The 1977 Penal Code section 12022.7 amendment in striking out the specific detailed definition of great bodily injury and substituting the more general definition, “significant or substantial physical injury,” was not intended to lessen the magnitude of bodily injury needed to trigger enhancement. The legislative intent was to preclude the possibility the 1976 detailed definition might be construed as all-inclusive, leaving no latitude to the trier of fact to find a bodily injury of equal magnitude to the category specified in the detailed definition but not coming literally within any category set forth. Thus, the definition of “great bodily injury” requires the injury constitute a “significant or substantial physical injury.” (Caudillo, 21 Cal.3d at p. 581, 146 Cal.Rptr. 859, 580 P.2d 274.)
In applying the Caudillo standard, People v. Johnson, 104 Cal.App.3d 598, 164 Cal.Rptr. 69, held a fractured jaw was a significant and substantial physical injury because the injury caused significant pain and required considerable time to heal. (Johnson, at p. 609, 164 Cal.Rptr. 69.) In People v. Lopez, supra, 131 Cal.App.3d 565, 573, 182 Cal.Rptr. 563, this court readily found gunshot wounds requiring hospitalization met the Caudillo section 12022.7 criteria and approved the great bodily injury enhancement upon an assault with a deadly weapon conviction.
People v. Jaramillo, supra, 98 Cal.App.3d 830, 159 Cal.Rptr. 771, 4 discussed and applied the Caudillo definitions at length and found substantial evidence of great bodily injury. The child had suffered “multiple contusions over various portions of her body and the injuries caused swelling and left severe discoloration on parts of her body. The injuries were visible the day after infliction to at least two lay persons ․ [The child] suffered pain as a result of her injuries and a day later she still had a ‘look of anguish’ on her face and she flinched or turned away from a simple guiding touch on the shoulder․” (Id., at p. 836, 159 Cal.Rptr. 771.) The Jaramillo court explained a fine line can divide an injury from being significant or substantial from an injury which does not meet that description. “Clearly it is the trier of fact that must in most situations make the determination.” (Ibid.; italics added.)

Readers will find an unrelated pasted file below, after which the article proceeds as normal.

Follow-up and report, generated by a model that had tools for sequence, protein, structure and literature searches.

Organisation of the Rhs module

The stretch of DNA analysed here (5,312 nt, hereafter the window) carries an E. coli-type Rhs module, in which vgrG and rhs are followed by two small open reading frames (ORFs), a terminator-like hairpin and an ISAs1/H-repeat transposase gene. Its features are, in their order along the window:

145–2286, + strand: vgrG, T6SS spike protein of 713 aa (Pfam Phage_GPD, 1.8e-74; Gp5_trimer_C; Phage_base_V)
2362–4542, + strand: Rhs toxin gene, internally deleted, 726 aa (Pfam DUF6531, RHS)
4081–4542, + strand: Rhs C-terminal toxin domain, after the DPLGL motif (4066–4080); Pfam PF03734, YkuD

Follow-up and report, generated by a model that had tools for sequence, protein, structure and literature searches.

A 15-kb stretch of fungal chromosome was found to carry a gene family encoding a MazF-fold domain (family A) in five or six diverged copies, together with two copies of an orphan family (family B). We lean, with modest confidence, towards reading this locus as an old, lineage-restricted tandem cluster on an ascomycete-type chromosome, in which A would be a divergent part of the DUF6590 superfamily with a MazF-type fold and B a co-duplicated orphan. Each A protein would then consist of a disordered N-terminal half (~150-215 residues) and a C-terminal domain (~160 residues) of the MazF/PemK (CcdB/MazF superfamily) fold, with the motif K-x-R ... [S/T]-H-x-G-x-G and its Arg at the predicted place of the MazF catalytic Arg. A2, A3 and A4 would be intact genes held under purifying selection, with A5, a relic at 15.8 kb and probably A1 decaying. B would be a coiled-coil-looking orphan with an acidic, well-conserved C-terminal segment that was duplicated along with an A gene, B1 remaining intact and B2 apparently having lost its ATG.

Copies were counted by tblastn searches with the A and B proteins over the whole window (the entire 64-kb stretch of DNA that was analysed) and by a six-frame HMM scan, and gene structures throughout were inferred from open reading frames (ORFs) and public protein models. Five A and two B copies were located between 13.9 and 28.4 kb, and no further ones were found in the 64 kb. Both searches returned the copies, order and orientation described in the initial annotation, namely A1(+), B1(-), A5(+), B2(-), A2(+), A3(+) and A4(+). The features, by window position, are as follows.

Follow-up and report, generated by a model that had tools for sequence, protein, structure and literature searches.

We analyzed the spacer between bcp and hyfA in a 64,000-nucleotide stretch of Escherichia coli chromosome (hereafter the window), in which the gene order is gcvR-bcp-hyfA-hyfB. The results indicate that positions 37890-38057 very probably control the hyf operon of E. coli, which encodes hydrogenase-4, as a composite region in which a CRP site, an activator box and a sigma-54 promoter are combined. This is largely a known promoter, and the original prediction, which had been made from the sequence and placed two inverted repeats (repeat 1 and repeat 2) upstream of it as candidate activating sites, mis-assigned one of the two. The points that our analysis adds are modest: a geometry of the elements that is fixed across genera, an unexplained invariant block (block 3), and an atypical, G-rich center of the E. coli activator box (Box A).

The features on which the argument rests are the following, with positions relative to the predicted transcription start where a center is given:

The defendant himself has made that determination for us. By his admitting to the specific great bodily injury charge in face of the most specific offer of proof of substantial and significant physical injuries inflicted on the child, Dixon makes unnecessary a search for that “fine line.”
Renae's wounds included prolonged loss of consciousness, a severe concussion, internal bleeding of the brain and retina, two rectal tears, temporary paralysis and blindness. These injuries meet the more rigorous, most specific definition found in the 1976 language of section 12022.7. That these injuries are physical and are encompassed within the term “significant and substantial” belies argument and Dixon makes no such argument in face of these injuries.
A dispassionate and common sense reading of section 273d and section 12022.7 in pari materi—as we are required to read statutes—reveals not two sections intended to deal with the same injuries but rather a graduated system for dealing with different levels of harm. When the traumatic wound inflicted is no longer trivial, transitory, moderate or insignificant, and where especially as here the wounds are of such nature as to bring them within the now-deleted specified wounds encompassed by the terms “significant or substantial,” then such wounds upon conviction or a plea of guilty warrant the imposition of a three-year enhancement. While Jaramillo points out it is clearly the trier of fact that must in most situations make the determination as to whether a traumatic injury is of such nature to be substantial and significant, here the facts do not in any way appear to be in the environs of that fine line. The injuries committed on this child warrant not merely the charge pleaded to, plus enhancement, but the greater charge dismissed as part of the plea bargain, attempted murder. (Pen.Code, § 664/187.) Dixon's plea and admission are factually supported beyond any reasonable doubt. There is no basis in law or in fact for striking the enhancement.
Dixon next contends the probation report violated rule 419 of the California Rules of Court because it did not include an adequate discussion of his suitability and eligibility for probation. The report discusses thirteen of the criteria effecting probation listed in rule 414 and its comments. Rule 414(a) includes statutory provisions as criteria effecting the grant of probation. The report, based on rule 414(a), says: